Evaluation of eggplant (Solanum melongena L.) parental varieties against their hybrid progenies and responses to N-fertilizer doses and dosing options on well-drained humid tropical soil


  • Paul O. Umezinwa Department of Crop Science, University of Nigeria, Nigeria
  • Adaobi L. Nnadi Department of Crop Science, University of Nigeria, Nigeria
  • Vincent O. Onyia Department of Crop Science, University of Nigeria, Nigeria
  • Agatha I. Atugwu Department of Crop Science, University of Nigeria, Nigeria
  • Sunday E. Obalum Department of Soil Science, University of Nigeria


Agronomic evaluation, eggplant varieties, field trials, humid environment, low-fertility soils


Assessment of phenotypic variability is crucial to progress in plant breeding. We evaluated 19 varieties of eggplant (Solanum melongena L.) comprising five parents and 14 hybrid progenies on a coarse-textured soil in southeastern Nigeria. All entries differed in the agronomic traits considered. Six weeks after transplanting (WAT), Kaduna3 and Iyoyo were the shortest and tallest varieties, respectively, with Kaduna3 also showing the lowest values of all other growth traits. Ogbojioroke (local variety), with the most branches/leaves and nodes/internodes, took the shortest time to 50% flowering/fruiting while Kaduna3 × Iyoyo (F4) took the longest. Ogbojioroke had the most fruits (1,716) and Kaduna3 the fewest (1.30) per 3 m2 plot. However, Kaduna3 × Iyoyo had the highest fruit weight (1205 g) per plot, similar to Ogbojioroke and two others. The hybrid with the highest mean-weight per fruit (Yalo × Kaduna3 (BC2P1) was selected for a N-fertilizer trial where responses to N-fertilizer (urea) doses (0, 50, 100 and 150 kg ha–1) and dosing options (single or half-split) were evaluated in the same environment. At 6 WAT, the number of nodes differed thus: 150/100 > 50 > 0 kg ha–1, with half-split > single dosing. Flowering/fruiting time decreased with dose peaking at 100 kg ha–1. Fruiting trailed in the order 150/100 > 50 > 0 kg ha–1 in single and half-split dosing at 1st and 2nd harvests, respectively. Half-split dosing 150 and 100 kg ha–1 produced similar and highest fruit weights (mean = 3110 g) per 3-m2-plot while 0 kg ha–1 gave the lowest (mean = 433.50 g). Ogbojioroke's traits need to be exploited in eggplant improvement programmes. Half-split dosing 100 kg urea ha–1 is suggested for promising varieties of eggplant grown on well-drained humid tropical soils.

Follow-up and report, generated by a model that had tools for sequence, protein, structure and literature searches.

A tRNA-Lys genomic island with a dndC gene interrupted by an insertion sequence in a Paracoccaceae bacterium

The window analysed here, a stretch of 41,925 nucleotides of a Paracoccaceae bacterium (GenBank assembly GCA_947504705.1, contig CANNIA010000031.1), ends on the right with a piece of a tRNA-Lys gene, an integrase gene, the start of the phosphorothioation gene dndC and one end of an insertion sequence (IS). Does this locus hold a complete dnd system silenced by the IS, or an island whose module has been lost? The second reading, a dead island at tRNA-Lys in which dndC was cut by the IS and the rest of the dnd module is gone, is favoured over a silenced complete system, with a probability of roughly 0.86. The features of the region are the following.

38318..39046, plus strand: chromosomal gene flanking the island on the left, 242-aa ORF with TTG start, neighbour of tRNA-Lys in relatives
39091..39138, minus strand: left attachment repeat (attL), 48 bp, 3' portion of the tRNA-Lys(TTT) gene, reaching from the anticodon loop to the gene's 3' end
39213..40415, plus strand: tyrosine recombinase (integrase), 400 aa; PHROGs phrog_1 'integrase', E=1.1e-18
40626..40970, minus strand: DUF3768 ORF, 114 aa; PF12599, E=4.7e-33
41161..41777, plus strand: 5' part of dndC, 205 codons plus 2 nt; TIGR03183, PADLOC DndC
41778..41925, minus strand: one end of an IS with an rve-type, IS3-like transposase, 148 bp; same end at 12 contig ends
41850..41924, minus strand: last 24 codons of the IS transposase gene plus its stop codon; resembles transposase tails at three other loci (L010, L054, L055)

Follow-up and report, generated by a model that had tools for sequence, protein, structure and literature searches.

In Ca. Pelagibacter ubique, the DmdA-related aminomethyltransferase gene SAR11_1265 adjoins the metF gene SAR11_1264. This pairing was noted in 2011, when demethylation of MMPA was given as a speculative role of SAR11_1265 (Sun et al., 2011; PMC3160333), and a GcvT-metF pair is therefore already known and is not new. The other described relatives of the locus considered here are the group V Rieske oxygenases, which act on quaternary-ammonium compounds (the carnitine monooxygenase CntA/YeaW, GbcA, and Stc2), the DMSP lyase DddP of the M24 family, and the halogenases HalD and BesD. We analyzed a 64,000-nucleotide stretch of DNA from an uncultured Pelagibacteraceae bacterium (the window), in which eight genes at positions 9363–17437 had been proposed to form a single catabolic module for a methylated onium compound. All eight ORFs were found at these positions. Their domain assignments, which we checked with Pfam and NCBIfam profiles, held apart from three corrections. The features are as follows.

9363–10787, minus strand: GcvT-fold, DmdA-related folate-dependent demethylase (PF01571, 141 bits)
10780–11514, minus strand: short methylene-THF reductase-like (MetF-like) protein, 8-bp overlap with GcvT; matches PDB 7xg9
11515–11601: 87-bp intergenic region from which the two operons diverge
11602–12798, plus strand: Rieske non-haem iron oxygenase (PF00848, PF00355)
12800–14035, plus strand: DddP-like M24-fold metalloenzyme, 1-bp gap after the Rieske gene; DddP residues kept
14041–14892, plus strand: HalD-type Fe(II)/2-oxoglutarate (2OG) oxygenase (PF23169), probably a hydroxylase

Research Papers